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The key schedule of DES ("<<<" denotes a left rotation), showing the calculation of each round key ("Subkey").

In cryptography, the so-called product ciphers are a certain kind of cipher, where the (de-)ciphering of data is typically done as an iteration of rounds. The setup for each round is generally the same, except for round-specific fixed values called a round constant, and round-specific data derived from the cipher key called a round key. A key schedule is an algorithm that calculates all the round keys from the key.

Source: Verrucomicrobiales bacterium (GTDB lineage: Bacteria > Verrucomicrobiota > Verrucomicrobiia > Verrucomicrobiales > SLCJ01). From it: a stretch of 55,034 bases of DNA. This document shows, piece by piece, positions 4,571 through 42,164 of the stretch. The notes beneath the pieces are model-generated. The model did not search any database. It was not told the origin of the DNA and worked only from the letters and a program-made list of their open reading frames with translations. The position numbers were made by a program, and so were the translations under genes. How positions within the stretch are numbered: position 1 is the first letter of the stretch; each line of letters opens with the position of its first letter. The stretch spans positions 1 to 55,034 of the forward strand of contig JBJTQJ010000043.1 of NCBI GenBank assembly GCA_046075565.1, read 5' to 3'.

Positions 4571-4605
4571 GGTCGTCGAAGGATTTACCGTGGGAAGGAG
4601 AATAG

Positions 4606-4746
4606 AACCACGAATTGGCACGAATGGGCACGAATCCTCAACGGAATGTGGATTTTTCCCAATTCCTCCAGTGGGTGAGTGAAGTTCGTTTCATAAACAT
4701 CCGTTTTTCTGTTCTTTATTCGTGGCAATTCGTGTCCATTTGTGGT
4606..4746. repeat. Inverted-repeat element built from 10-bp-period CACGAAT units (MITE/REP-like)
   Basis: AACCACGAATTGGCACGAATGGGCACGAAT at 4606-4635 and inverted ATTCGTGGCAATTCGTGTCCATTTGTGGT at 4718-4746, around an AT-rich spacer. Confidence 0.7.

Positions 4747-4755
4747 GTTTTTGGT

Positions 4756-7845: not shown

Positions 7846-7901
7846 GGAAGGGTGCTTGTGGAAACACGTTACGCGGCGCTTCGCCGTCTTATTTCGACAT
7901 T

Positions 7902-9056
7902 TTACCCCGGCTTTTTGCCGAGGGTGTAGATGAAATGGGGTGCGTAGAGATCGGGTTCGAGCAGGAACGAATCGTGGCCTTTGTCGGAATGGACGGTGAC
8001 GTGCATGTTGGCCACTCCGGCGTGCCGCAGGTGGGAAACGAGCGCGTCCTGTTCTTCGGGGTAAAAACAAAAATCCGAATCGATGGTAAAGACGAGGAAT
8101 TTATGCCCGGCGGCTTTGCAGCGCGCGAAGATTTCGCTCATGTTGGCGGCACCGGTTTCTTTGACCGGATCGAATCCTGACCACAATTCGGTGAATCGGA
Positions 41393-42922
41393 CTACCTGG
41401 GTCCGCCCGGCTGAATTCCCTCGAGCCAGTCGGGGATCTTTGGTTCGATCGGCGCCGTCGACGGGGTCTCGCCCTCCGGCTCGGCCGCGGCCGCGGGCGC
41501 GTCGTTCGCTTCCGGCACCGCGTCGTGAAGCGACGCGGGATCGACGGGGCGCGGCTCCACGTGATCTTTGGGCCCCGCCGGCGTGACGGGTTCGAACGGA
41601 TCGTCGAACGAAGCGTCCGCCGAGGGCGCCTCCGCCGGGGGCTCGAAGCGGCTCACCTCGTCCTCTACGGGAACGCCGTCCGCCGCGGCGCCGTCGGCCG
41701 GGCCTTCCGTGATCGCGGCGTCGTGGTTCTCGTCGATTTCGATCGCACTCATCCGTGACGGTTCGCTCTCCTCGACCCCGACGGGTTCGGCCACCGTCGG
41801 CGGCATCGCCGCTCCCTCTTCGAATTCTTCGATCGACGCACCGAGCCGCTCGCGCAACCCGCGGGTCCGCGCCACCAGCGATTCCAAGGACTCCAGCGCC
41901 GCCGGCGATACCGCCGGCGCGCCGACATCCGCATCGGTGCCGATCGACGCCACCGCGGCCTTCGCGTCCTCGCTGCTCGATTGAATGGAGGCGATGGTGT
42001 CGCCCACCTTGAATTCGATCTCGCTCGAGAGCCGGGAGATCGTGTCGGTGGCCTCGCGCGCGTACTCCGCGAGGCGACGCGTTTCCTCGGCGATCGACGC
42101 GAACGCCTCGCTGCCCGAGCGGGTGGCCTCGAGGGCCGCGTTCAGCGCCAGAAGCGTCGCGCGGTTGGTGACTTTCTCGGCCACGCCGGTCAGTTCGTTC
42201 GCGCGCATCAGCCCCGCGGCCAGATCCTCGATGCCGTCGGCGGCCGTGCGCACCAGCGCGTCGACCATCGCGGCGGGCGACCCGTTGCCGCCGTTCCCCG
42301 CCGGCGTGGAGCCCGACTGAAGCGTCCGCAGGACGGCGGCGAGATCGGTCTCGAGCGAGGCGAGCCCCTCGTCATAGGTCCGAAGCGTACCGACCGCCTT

Some types of key schedules

Notes

Knudsen and Mathiassen (2004) give some experimental evidence that indicate that the key schedule plays a part in providing strength against linear and differential cryptanalysis. For toy Feistel ciphers, it was observed that those with complex and well-designed key schedules can reach a uniform distribution for the probabilities of differentials and linear hulls faster than those with poorly designed key schedules.

References